Prediction of discriminatory regulatory TFs
In order to investigate the TFs that may be regulating the intergenic piRNA clusters expressed in adult brain, we used DREME v4.10.132, using default parameters, to find significantly overrepresented (E-value ≤0.05) discriminatory motifs that are unique to piRNA clusters expressed in adult brain and motifs that are unique to piRNA clusters expressed in adult testes excluding those expressed in adult brain. Then we compared the motifs against mouse UniPROBE61 and JASPAR62 vertebrate using TOMTOM33, with default parameters, to identify the TFs with binding sites most similar to those specific motifs. Using a normalized expression cutoff of 0.5 tpm, we required that all TFs be higher than this threshold in adult brain. Furthermore, TFs whose binding sites were overrepresented in promoters of adult brain piRNA clusters were required to be expressed above this threshold for all testes developmental stages. Whereas, TFs whose binding sites are overrepresented in the subset of piRNA clusters expressed in adult testes but not in adult brain were required to be expressed no more than that threshold on all testes developmental stages. Finally, we retained only mouse TFs whose expression patterns are consistent with the two proposed scenarios as mentioned above. Finally, we used UniProt34 to determine whether a TF was an activator or a repressor. We used GeneMANIA63 database to visualize co-expression between the candidate TFs.
piRNA Target Prediction
In order to determine whether piRNAs in adult brain were involved in mRNA deadenylation as shown previously in testes, we adopted a similar methodology to that described by Gou et al.17. Briefly, we considered all expressed (normalized CAGE expression ≥0.5) genes at either 14 dpp or adult stages in brain as potential gene targets of any adult brain piRNA. Using miRanda42 v3.3a to match piRNAs to their targets, we set a more stringent score threshold, 160, for reporting hits in contrast to 150 used originally by Gou et al.17. Then for each piRNA, we considered only the top-scoring gene target. The Differential expression was obtained from the generalized fold change as given by GFOLD43 for each gene between 14 dpp and adult stages in brain. To determine whether predicted target genes were more likely to be down-regulated than non-target genes, we selected all the genes that exhibited any differential expression, up or down. The distribution of non-zero GFOLD values of target genes was then compared to the distribution of non-zero GFOLD values of non-target genes using Mann-Whitney test.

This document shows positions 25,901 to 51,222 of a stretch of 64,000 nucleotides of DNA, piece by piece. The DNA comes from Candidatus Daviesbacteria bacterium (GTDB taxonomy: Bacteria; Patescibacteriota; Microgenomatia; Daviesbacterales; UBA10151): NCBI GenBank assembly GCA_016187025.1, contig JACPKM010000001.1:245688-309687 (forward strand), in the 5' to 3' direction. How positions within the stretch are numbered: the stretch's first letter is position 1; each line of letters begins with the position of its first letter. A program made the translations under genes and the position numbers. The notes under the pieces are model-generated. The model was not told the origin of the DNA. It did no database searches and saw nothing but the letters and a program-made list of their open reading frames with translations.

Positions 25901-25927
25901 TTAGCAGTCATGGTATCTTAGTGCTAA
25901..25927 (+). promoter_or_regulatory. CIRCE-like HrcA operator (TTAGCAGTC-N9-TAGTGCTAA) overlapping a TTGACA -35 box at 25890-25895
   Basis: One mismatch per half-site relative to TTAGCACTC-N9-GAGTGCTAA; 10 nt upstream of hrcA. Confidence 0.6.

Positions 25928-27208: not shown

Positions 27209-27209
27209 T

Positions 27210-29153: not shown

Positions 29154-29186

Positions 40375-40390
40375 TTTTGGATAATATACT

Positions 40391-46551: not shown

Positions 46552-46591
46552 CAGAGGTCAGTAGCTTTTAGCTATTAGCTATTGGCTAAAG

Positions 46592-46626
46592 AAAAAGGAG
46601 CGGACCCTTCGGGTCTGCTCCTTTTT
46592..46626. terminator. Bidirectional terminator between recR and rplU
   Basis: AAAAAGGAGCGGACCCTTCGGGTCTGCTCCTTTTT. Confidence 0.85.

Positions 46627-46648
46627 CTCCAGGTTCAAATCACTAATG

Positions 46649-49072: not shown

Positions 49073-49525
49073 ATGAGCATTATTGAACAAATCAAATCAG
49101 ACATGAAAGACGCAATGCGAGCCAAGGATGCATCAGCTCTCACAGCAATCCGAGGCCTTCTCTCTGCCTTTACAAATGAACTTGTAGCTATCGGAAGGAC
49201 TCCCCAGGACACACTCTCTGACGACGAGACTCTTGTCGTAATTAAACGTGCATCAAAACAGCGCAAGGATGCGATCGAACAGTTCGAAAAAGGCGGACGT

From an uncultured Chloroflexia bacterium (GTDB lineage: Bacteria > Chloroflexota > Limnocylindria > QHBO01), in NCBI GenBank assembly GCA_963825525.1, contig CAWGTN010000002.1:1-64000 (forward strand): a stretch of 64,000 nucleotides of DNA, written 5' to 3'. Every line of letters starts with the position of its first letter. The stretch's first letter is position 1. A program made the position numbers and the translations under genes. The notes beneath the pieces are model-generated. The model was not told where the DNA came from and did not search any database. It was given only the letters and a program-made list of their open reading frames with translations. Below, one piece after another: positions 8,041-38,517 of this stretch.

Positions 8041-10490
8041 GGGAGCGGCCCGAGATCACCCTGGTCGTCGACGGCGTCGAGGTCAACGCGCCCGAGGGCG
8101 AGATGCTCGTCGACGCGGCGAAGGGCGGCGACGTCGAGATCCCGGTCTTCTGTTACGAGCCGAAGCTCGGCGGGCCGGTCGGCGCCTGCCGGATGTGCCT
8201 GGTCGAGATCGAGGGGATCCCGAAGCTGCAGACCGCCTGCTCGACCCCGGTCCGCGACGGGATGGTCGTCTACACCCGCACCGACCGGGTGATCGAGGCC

Alternatively, we also used the method introduced by Goh et al.44 that takes advantage of unique signatures of piRNA targeting. This signature relies on the divergent partial complementarity of sense piRNAs and guide piRNAs. Sense piRNAs were aligned to the genome using bowtie v1.1.164 with parameters “–a –v 0”. Guide piRNAs were mapped also using bowtie v1.1.164 with parameters “-a -n 0 -l 10 -e 160”. We used SAMtools65 to ensure partial complementarity. Since this method applies to both mRNA and repeats, we also investigated any transposable element, whose length was 75% of the consensus length as determined by HOMER66. Using BEDTools67, any mRNA or repeat element which overlapped the piRNA targeting signature was designated as potential target of piRNAs.
Coverage of piRNAs along the length of piRNA clusters
Each expressed piRNA cluster was divided into non-overlapping windows of 100 bases. Coverage was determined based on the percentage of total reads that mapped within each window for each piRNA cluster to the total reads that mapped within the entire piRNA cluster. This was done for all expressed piRNA clusters in each developmental stage for each tissue independently. We then tested the Pearson correlation of the coverage, as previously defined, of the same expressed piRNA cluster across two samples for each of the expressed piRNA clusters common to both samples. For the correlation distribution, we only retained significant (p-value ≤ 0.001) correlations.
Accession Codes: The data is available under the Bioproject ID SRP073223.
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Y.G., L.S., T.R.1, V.O. and T.R.2 are supported by King Abdullah University of Science and Technology. Research Grant from the Japanese Ministry of Education, Culture, Sports, Science and Technology (MEXT) to the RIKEN Center for Life Science Technologies. The funders had no role in study design, data collection and analysis, decision to publish, or preparation of the manuscript.
The authors declare no competing financial interests.
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Ghosheh, Y., Seridi, L., Ryu, T. et al. Characterization of piRNAs across postnatal development in mouse brain. Sci Rep 6, 25039 (2016). https://doi.org/10.1038/srep25039